Whether you’re a working mom, you’re pumping for a non-latching baby or preemie, or if you’re just pumping for the occasional baby sitter/night out, pumping can really suck (pun intended!). I get questions about pumping all the time, so I decided to compile all the […]
We are mammals. We forget this most of the time. But when we breastfeed our babies, our mammalian roots come to the forefront. When it comes to breastfeeding, we can’t really break away from what was established millions of years ago—namely that in order for […]
Nursing is nursing, whether your baby is drowning in milk, or just lightly sucking.
It’s nursing, whether your child does it because he wants a meal, an appetizer, a snack, or dessert.
It’s nursing, whether your child is hungry, starving, thirsty, tired, or just wants to connect.
All of it “counts.”
When we say that those flutter sucks at the end of a nursing session are “just pacifying,” we forget that a mother may have another “letdown” late in a feeding, and the baby may get more milk.
When we say that it’s “just for comfort” when a baby wants to nurse “again” after nursing a few minutes ago, we forget that babies go through growth spurts and often want to nurse very often to increase a mother’s milk supply.
And when we say the middle of the night nursing is just “for soothing” after a certain age, we discount the constant caloric needs of older babies and toddlers – and that it is as normal for children to seek comfort as it is for them to seek food.
Most of all, we make mothers feel that this kind of nursing shouldn’t go on because it doesn’t “count” as real feeding. Making some sort of distinction between “actual nursing” and “comfort nursing” can be really confusing for moms, and discounts the fact that babies come to the breast for many reasons, all of them valid. Even more than that, if mothers don’t let their babies “comfort nurse,” they are at risk for low supply and early weaning.
There is a psychological and spiritual value for mothers in providing comfort at the breast. There is no such thing as a “human pacifier.” The breast was the original way that human babies and toddlers satisfied their inborn, biological need to suck, and there is no reason to justify why you have chosen to let your child do this instead of (and sometimes in conjunction with) bottles and pacifiers.
But even beyond that, “comfort feeding” and “snacking” are actually really important for establishing and maintaining your milk supply!
While some moms can do an “every 2-3 hour” feeding schedule and produce a plentiful milk supply, it is equally common for mothers to need to nurse more frequently than that to maintain a full milk supply (especially in the early months). The most important factor in establishing and maintaining a milk supply is the frequency that a mother nurses (along with the effectiveness of the baby’s sucking). So very frequent nursing in those early months (sometimes hourly or more!) is normal and useful for milk supply.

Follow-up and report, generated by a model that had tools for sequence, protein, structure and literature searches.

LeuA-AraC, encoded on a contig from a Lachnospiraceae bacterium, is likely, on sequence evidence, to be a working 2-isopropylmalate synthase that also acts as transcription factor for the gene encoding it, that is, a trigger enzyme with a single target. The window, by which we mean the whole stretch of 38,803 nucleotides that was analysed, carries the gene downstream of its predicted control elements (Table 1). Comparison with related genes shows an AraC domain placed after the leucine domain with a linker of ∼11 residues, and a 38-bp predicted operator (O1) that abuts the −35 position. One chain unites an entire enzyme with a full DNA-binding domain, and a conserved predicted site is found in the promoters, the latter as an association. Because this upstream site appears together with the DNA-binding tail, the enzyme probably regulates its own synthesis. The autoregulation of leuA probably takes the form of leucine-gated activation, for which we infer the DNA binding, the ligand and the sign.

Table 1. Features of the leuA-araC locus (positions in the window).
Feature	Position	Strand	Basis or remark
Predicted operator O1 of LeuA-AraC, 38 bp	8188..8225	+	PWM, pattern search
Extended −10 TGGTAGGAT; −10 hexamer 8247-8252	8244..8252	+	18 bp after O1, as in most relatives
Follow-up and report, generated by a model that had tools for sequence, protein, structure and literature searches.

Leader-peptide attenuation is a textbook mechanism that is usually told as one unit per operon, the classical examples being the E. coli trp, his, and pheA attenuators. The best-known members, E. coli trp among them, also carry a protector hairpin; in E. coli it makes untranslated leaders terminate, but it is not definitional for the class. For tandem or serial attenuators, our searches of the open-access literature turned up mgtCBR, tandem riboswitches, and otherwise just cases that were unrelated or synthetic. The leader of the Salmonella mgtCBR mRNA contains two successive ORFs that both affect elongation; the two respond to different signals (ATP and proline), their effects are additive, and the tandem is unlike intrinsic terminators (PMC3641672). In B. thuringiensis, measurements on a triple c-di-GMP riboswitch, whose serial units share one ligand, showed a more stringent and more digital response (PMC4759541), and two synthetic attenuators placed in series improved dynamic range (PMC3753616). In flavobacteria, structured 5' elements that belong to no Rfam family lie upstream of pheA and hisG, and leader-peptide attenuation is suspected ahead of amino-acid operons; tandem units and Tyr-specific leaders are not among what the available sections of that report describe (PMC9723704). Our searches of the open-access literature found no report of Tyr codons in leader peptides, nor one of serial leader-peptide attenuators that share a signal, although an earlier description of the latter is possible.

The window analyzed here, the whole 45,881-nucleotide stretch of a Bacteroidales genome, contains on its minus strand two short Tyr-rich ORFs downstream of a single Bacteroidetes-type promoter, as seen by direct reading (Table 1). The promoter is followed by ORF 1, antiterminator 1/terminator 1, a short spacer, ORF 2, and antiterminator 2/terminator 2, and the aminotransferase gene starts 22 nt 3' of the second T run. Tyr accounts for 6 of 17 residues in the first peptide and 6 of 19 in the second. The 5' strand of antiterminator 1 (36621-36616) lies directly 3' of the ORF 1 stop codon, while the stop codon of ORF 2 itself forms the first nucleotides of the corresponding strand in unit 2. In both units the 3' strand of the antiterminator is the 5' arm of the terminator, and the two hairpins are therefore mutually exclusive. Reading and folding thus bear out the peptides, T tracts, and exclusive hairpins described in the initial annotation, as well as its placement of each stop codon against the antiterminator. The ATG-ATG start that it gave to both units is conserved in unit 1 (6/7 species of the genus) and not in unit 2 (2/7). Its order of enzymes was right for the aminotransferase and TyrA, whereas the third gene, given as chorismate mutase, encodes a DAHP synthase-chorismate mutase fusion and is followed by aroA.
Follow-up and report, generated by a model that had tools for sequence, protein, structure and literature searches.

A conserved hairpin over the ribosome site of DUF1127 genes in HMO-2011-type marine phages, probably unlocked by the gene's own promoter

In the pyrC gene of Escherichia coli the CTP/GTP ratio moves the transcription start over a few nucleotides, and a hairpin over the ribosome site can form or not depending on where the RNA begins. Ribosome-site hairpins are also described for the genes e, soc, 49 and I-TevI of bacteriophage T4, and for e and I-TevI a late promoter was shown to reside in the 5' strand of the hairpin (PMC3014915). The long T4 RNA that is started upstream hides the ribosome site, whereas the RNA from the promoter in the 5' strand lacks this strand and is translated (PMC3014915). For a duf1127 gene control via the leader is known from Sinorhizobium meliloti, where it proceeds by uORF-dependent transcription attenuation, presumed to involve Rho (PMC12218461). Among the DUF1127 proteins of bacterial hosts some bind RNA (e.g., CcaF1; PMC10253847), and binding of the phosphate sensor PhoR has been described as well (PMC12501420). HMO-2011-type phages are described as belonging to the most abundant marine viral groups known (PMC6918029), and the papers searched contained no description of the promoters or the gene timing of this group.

Some mothers expect to sit down for 20-30 minutes, breastfeed, and then not have to feed their babies again for 2-3 hours. The thing is that sometimes a baby will only want to nurse for 5-10 minutes (an appetizer, perhaps). Then an hour later, will want to nurse for another few minutes (a snack?). And then a little while later, that baby might nurse for a good 20 minutes (a meal!) and finally conk out asleep. That same baby might wake-up soon after for dessert!
Really, the idea of a nursing “schedule” can sort of get thrown out the window with babies. Yes, patterns do develop, and they can be helpful in planning your life. But even when patterns develop, they change (hello, crazy growth spurts). If you try not to analyze or control things too much, and just go with it, you’ll find nursing much easier.
So let your baby pacify, snack, comfort. Don’t question why your baby needs to nurse “again.” Remember that each time your baby nurses, you are feeding your baby, maintaining your milk supply, and showering your baby with love and safety – all at once. Good job, mama!
Besides nipple pain, low milk supply is probably the biggest concern mothers have while breastfeeding. It is also one of the more common reasons cited by mothers for premature weaning. First, it’s important to know that virtually all mothers—if given the right information and education—can […]